How Asian start-ups such as Grab and Lazada outsmart their global competitors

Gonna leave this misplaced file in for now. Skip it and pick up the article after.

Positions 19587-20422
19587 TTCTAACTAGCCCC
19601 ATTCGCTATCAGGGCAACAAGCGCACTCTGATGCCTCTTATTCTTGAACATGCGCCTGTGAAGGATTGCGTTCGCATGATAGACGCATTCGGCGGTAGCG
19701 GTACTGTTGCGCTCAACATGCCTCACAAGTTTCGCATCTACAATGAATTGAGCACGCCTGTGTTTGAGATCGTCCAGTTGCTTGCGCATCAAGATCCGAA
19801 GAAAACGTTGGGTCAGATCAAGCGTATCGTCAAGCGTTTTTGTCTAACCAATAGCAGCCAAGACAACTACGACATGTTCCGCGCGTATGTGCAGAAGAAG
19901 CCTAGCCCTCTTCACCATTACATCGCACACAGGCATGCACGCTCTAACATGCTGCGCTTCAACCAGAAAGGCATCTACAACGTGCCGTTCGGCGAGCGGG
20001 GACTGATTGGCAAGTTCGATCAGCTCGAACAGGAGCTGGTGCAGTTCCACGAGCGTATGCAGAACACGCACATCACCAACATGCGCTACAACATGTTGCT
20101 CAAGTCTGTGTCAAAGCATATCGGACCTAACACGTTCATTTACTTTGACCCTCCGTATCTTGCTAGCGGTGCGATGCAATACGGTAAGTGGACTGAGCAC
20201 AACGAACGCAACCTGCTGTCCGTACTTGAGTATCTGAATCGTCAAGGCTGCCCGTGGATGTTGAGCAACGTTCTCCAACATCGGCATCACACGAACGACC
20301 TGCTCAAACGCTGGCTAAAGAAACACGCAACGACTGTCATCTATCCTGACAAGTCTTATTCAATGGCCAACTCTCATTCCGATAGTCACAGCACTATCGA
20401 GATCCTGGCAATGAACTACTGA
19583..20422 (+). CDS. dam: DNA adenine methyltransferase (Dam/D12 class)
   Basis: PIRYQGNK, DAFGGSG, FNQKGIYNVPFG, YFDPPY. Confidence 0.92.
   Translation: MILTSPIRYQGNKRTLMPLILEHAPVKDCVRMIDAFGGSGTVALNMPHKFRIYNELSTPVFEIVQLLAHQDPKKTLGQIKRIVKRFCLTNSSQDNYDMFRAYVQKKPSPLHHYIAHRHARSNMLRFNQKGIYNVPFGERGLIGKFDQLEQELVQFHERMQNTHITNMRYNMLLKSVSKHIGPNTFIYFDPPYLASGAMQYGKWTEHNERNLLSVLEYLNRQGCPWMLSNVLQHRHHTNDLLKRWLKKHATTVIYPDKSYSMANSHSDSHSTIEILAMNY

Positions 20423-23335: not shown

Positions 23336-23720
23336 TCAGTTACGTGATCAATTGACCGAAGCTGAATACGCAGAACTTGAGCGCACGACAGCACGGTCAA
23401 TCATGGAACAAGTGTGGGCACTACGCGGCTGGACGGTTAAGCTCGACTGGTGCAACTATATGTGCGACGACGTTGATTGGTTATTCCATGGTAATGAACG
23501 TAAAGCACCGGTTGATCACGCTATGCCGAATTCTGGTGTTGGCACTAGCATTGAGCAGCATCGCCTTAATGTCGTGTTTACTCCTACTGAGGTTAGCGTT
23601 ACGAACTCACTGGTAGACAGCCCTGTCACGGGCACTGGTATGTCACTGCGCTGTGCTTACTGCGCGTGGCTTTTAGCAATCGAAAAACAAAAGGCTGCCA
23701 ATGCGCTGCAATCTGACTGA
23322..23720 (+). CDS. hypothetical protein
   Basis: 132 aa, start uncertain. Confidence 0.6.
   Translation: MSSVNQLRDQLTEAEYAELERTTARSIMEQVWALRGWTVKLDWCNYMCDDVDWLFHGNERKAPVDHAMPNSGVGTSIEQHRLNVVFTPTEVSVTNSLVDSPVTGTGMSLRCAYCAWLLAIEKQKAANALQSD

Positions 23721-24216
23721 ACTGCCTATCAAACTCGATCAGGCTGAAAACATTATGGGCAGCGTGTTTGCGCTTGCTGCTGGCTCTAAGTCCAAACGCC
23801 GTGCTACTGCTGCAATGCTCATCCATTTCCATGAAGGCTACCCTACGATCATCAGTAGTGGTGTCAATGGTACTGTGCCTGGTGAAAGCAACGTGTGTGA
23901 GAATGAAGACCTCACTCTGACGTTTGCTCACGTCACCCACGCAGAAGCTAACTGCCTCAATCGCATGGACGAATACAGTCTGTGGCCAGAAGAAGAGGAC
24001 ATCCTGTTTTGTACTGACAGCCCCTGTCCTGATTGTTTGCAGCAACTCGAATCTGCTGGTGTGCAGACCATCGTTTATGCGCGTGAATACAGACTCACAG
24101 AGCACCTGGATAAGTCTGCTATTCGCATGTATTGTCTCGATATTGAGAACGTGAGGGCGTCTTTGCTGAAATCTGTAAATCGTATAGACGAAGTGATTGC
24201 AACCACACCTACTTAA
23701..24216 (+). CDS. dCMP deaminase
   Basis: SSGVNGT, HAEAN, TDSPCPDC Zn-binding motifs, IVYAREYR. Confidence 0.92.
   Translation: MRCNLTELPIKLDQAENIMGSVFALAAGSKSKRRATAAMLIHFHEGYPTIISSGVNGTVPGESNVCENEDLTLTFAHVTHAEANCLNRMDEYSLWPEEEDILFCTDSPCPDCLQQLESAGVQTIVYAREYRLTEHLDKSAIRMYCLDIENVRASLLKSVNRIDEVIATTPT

A number of Asian start-ups are giving their larger global competitors a run for their money. Notable successes include ride-hailing service Grab, e-commerce group Lazada and real estate company PropertyGuru, which have fought off more established competitors to achieve rapid growth across Asia. The secret of their success seems to lie in finding the right combination of local flavour, innovative breakthroughs and strategic partnerships. Asian business and brand strategist, Martin Roll, points to common characteristics of successful start-ups. “Whether East or West, the anatomy of a start-up is really the same – it’s about disrupting, it’s about newness, it’s about arbitrage,” says Roll, an 18-year resident of Singapore, and adviser to Fortune 100 and family businesses. He also suggests that local knowledge and being agile are key to success. “Grab, Lazada and PropertyGuru were all early movers who had excellent timing, were well-funded and helped turn traditional industries upside down… For locals, there’s a sense of ‘yes, Asia can do it’, and that instils a sense of local optimism and patriotism too.” Different players we spoke to in the start-up scene point out that among the myriad success factors that go into making a local player successful on the regional or global stage, three stand out as mandatory. Be a global or regional brand, but behave like a local one: Localise your strategy to each market Like many start-ups, Singapore-based PropertyGuru was founded with the goal of fixing an existing problem. Co-founders Steve Melhuish and Jani Rautiainen were frustrated with their experiences seeking a property in Singapore, which in the mid-2000s required searching through “postage stamp-sized ads” in newspapers. After spending hours scouring through print classifieds, they realised the need for a better alternative and started PropertyGuru. Since its launch in 2007, PropertyGuru has grown from a start-up in a small shop to become a regional powerhouse, claiming market leadership in four of its five markets. It currently connects over 35,000 agents, real estate developers and property sellers with 23 million property seekers a month, across Singapore, Indonesia, Malaysia, Thailand and Vietnam. CEO Hari Krishnan describes its successful strategy as “developing deep focus, be it in the domain of real estate or the market that we are in”. He explains: “By spending a good amount of time in each market to truly understand customer pain points, we are able to improve our existing offerings.” Malaysia-based Grab has similarly succeeded by tailoring its product to the local market and using digital innovation to stay ahead of the game as part of its hyperlocal strategy. Since its founding in 2012 by two Harvard Business School graduates, Grab has become the dominant ride-hailing app in Southeast Asia, succeeding despite the competitive threat from global operators such as California’s Uber. An example of Grab’s hyperlocal strategy is GrabBike, which offers safe on-demand motorbikes in cities such as Jakarta and Ho Chi Minh City where these vehicles are used to beat traffic congestion. Similarly, in Singapore Grab runs a number of localised campaigns, including a recent one to celebrate the country’s National Day by allowing Singaporeans to order durians via the Grab app, which were then delivered by a Grab driver. In contrast, Uber sought to implement the same strategies that brought it success in Western markets. This included requiring customers to have credit cards, which are not always common in Asia, as well as using variable pricing compared to Grab’s fixed fares. Now operating in six countries, Grab aims to maintain market leadership by investing in new services such as Grab for Work, which helps businesses manage employees’ taxi expenses. Use technology to offer innovative products and services that are useful to your consumers Technological innovation has been key to the success of Asia’s start-ups. E-commerce retailer Lazada was founded in Singapore in 2012 and has been described as the ‘Amazon of Southeast Asia’. The company now operates in six Southeast Asian markets:  Indonesia, Malaysia, the Philippines, Singapore, Thailand and Vietnam. Lazada Singapore CEO Alexis Lanternier attributes the company’s success to “having our ears on the ground, listening to our customers and innovating to enhance the shopper experience”. One such innovation is its LiveUp customer loyalty programme, which rewards Singapore’s digital natives for their lifestyle with discounts from brands such as RedMart, Netflix and Uber, as well as Lazada itself. According to Lanternier, the reward scheme has tripled its targets and enabled a “healthy conversion rate” from trial to paid memberships. PropertyGuru’s Krishnan also points to the importance of innovation “to help solve consumer pain points”. “For instance, we realise that difficult traffic conditions and the frequency of cross-border property investments mean that consumers often spend a lot of time travelling to see a property, only to realise that it is not suitable for them. Using virtual reality technology, we help consumers explore a property or allow real estate developers to bring their properties to roadshows in other countries,” he says. Work together to make the best use of each other’s strengths: Cultivate strong partnerships to create a beneficial ecosystem Building a strong network of partners, which includes small businesses and e-commerce service providers, is also key to successful growth. In Grab’s case, its taxi service, GrabTaxi, is built on partnerships with three Singapore taxi companies that enable drivers to accept bookings on the Grab platform, giving the company exclusive access to these taxi fleets. Lanternier points out that a country such as Singapore offers just this kind of opportunity for partnership, which involves “leveraging on each other’s strengths with the common goal of benefitting the customer”. He adds: “Singapore has all the right ingredients for a company to set up its headquarters – good governance, reliable infrastructure, and clear, transparent regulations and laws. It is also centrally located in Southeast Asia and an established travel hub. These are the key reasons Lazada Group decided to base itself here since 2012.” By focusing on the needs of local customers and addressing their pain points, being innovative and developing strong partnerships, Asian  start-ups are poised for even more rapid expansion across world.